Sainsbury’s shares hinge on Asda decision

Sainsbury’s needs the regulator’s Asda decision to go in its favour even more now


Sainsbury’s lagged supermarket rivals over Christmas, raising stakes for the regulator’s decision on its Asda deal.

Solid food
A firm feel to Sainsbury’s grocery business over the quarter (+0.4%, grocery online +6%, convenience +3%) offsets softer sales across the group and is the main reason for a modest lift of the shares. After all, despite well aired competitive pressures and fluid shopping habits, it still appears Sainsbury’s core food business is running close to optimum. When intense scrutiny of the winter quarter abates, it makes sense that positive food sales throughout the year will again be reflected in Sainsbury’s stock, after it rose almost 10% last year compared to falls by close rivals.

Stakes raised for Asda buy
With food sales growth swinging wildly between 0.5% and 2% in preceding quarters though, grocery isn't exactly Sainsbury’s anchor. The fact is, when rivals pull out the stops, typically over Christmas, Sainsbury’s usually robust food business faces pressure; partly due to the group’s tricky mid-market position. Together with the underlying group sales let down in Q4, these conditions raise the stakes for the acquisition of Asda (the winner in Christmas sales growth stakes, according to Nielsen and Kantar). More to the point, the CMA's decision on potential market share remedies (store disposals) is even more critical now. The group has been fairly clear that the rationale of the deal will be undermined if the regulator requires store sales in the hundreds.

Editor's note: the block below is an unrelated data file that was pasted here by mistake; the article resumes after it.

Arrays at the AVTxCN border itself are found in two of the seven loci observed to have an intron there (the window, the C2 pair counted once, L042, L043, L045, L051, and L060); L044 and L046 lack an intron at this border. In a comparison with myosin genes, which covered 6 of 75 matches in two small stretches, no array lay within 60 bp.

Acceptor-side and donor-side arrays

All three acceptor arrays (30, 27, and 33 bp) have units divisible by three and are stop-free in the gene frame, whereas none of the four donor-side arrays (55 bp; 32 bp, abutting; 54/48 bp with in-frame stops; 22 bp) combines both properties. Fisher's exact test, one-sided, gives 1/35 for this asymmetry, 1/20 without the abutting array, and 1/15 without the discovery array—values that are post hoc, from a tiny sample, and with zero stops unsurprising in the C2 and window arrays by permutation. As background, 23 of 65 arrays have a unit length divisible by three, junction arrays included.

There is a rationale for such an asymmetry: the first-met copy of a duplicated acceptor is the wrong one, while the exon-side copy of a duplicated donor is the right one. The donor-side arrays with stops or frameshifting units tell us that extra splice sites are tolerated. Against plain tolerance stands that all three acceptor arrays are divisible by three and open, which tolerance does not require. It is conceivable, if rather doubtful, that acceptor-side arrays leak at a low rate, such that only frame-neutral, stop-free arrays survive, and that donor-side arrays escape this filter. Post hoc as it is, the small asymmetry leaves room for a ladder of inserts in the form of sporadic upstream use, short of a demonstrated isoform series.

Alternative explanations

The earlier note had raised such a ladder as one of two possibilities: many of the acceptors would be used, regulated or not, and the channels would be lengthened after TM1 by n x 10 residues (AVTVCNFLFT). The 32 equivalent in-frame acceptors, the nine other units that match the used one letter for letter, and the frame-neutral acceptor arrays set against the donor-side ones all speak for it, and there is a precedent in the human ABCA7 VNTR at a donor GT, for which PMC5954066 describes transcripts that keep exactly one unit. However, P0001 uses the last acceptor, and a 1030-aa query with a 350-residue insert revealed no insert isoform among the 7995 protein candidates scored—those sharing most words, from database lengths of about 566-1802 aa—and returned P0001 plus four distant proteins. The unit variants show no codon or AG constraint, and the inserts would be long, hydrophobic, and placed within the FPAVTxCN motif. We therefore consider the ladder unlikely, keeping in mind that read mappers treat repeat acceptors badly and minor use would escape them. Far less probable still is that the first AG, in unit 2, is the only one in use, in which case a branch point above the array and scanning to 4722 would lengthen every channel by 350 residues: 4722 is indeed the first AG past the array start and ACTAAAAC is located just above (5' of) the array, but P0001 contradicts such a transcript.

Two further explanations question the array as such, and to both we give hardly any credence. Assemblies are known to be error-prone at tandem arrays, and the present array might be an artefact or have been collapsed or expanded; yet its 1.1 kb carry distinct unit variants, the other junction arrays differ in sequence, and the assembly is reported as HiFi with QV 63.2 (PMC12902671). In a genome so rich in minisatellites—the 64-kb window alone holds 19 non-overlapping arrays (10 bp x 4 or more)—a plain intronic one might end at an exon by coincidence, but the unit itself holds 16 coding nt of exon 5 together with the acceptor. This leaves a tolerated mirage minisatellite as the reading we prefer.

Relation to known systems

Suppliers in focus
Preliminary CMA thinking, released in the autumn— that it will consider discounters and Amazon—seemed to be in Sainsbury’s favour. The outcome of a broader review should prescribe fewer store disposals. Sainsbury’s goal of taking more share via scale would then be in sight. Still, the supplier piece is less predictable after the CMA signalled that buying power inequalities would also be a priority. Provisional findings are likely within weeks, ahead of the 5th March statutory deadline.

CMA holds retail cards
After fair but tortuous progress by supermarkets in late-2018—also likely to be reflected in Tesco figures tomorrow—investors will zero in on operators with the best perceived defences for the year ahead. Shares in all Big 3 supermarkets sagged sharply in 2018. Sainsbury’s was actually 41% higher in August. Consequently, the CMA’s decisions will rock the sector further and decide whether Sainsbury’s shares unwind even more.

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